There is some promising news in the fight against Alzheimer's disease. The makers of a new drug, lecanemab, announced that trial studies demonstrate it reduces the rate of cognitive decline in Alzheimer's patients by 27 percent. The news "comes after many years of frustration and failure" by researchers looking to slow and reverse the disease, NPR reports.
But there is a downside: The trials also show lecanemab has "significant safety risks," The New York Times reports. Two patients who took the drug died after experiencing brain swelling and brain bleeding. "The benefit is real; so too are the risks," a University of Pennsylvania doctor told the newspaper. So is the drug worth those risks? How does it work? And what other Alzheimer's breakthroughs can we expect? Here's everything you need to know:
How does the new drug work?
First, you need to understand how Alzheimer's works. Scientists believe that amyloid beta proteins play a role in the disease, according to the National Institute on Aging: "In the Alzheimer's brain, abnormal levels of this naturally occurring protein clump together to form plaques that collect between neurons and disrupt cell function." What lecanemab aims to do, then, is clear out those clumps of protein. According to the trial results, early Alzheimer's patients who took the drug saw significant drops in their amyloid levels after 18 months, while patients who took a placebo saw their amyloid levels rise slightly.
How effective is it?
Somewhat effective. While the results are a huge breakthrough in Alzheimer's research, some experts caution that the benefits — while real — seem to be modest. Researchers did cognitive testing on patients in both the lecanemab group and the placebo group, and the patients in the drug group showed a moderately slower decline in their mental abilities, the BBC reports. "It's an 18-point scale, ranging from normal through to severe dementia. Those getting the drug were 0.45 points better off." That effect was "modest" one doctor told the news service, "but it gives us a little bit of a foothold."
Are the safety concerns worth it, then?
This might be the biggest question. "It's quite a complicated balancing act for risks and benefits," Rob Howard, a dementia specialist at University College London, tells Nature. The two deaths have raised concerns about the drug's safety, although it should be noted that one of the makers of lecanemab denies culpability in one of the deaths and is still researching the other. (Both patients reportedly had other underlying health issues, and there are suggestions the new drug might not be great for people on blood thinners.) Still, roughly 20 percent of patients who took the drug saw some level of brain swelling or bleeding — but fewer than 3 percent experienced symptoms. "All the available safety information indicates that lecanemab therapy is not associated with an increased risk of death overall," the drug company Eisai said in a statement.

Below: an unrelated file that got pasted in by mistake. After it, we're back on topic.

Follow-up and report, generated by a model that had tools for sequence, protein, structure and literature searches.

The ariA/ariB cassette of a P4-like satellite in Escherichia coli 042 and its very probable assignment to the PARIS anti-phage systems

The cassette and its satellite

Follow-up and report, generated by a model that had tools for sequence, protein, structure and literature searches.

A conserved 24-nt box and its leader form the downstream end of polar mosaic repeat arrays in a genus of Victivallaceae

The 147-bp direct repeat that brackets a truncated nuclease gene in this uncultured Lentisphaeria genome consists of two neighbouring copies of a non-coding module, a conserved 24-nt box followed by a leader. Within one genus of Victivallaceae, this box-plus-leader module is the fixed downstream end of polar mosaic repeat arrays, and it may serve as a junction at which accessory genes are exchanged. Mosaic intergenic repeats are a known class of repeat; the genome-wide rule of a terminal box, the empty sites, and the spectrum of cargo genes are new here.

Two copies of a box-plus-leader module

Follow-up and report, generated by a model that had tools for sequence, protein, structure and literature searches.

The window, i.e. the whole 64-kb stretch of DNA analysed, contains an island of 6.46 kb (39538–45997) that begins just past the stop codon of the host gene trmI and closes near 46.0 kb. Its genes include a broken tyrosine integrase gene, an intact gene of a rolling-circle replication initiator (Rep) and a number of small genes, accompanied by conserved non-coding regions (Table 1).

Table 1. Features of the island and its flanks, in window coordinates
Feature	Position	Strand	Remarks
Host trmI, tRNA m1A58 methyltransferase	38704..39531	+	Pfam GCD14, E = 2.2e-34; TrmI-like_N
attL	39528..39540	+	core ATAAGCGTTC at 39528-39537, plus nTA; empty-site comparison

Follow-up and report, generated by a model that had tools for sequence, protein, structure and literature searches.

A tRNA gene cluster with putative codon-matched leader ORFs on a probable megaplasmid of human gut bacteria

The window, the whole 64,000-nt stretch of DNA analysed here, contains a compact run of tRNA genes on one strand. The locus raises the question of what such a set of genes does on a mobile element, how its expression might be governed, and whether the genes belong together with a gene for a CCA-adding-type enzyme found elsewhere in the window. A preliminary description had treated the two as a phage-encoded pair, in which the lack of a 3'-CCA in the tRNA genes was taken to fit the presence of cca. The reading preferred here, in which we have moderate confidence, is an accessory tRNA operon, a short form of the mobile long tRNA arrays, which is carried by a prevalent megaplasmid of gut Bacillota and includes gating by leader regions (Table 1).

A debate over lecanemab's merits seems likely. "I worry any minor benefit may be washed out by the practical difficulties of living with the drug and the substantial risks associated with taking the drug," Matthew Schrag of Vanderbilt University Medical School, told The Washington Post. But the Alzheimer's Association reacted to the trial results with enthusiasm, saying in a statement the drug "can meaningfully change the course of the disease for people in the earliest stages of Alzheimer's disease."
Aren't there other Alzheimer's drugs out there?
News of lecanemab's success came out the same day the drug company Roche shut down most of the trials for its own Alzheimer's-fighting treatment. The Roche drug was also designed to clear out amyloid blockages, Reuters reports, but "did not show a statistically significant benefit in patients" in the early stages of the disease. Another drug, Aduhelm, was controversially approved for Alzheimer's treatment in 2021; critics say it does little to reverse cognitive decline.
The drug faces an "uncertain" path to federal approval, Axios reports. Lecanemab's makers have submitted an expedited application to the FDA and expect a decision by January, but safety issues "are likely to prompt lively debate on whether the agency should limit who can receive it, or at least impose some precautions."
Meanwhile, more research is expected. While the early results are promising, researchers said, "longer trials are warranted to determine the efficacy and safety of lecanemab in early Alzheimer's disease."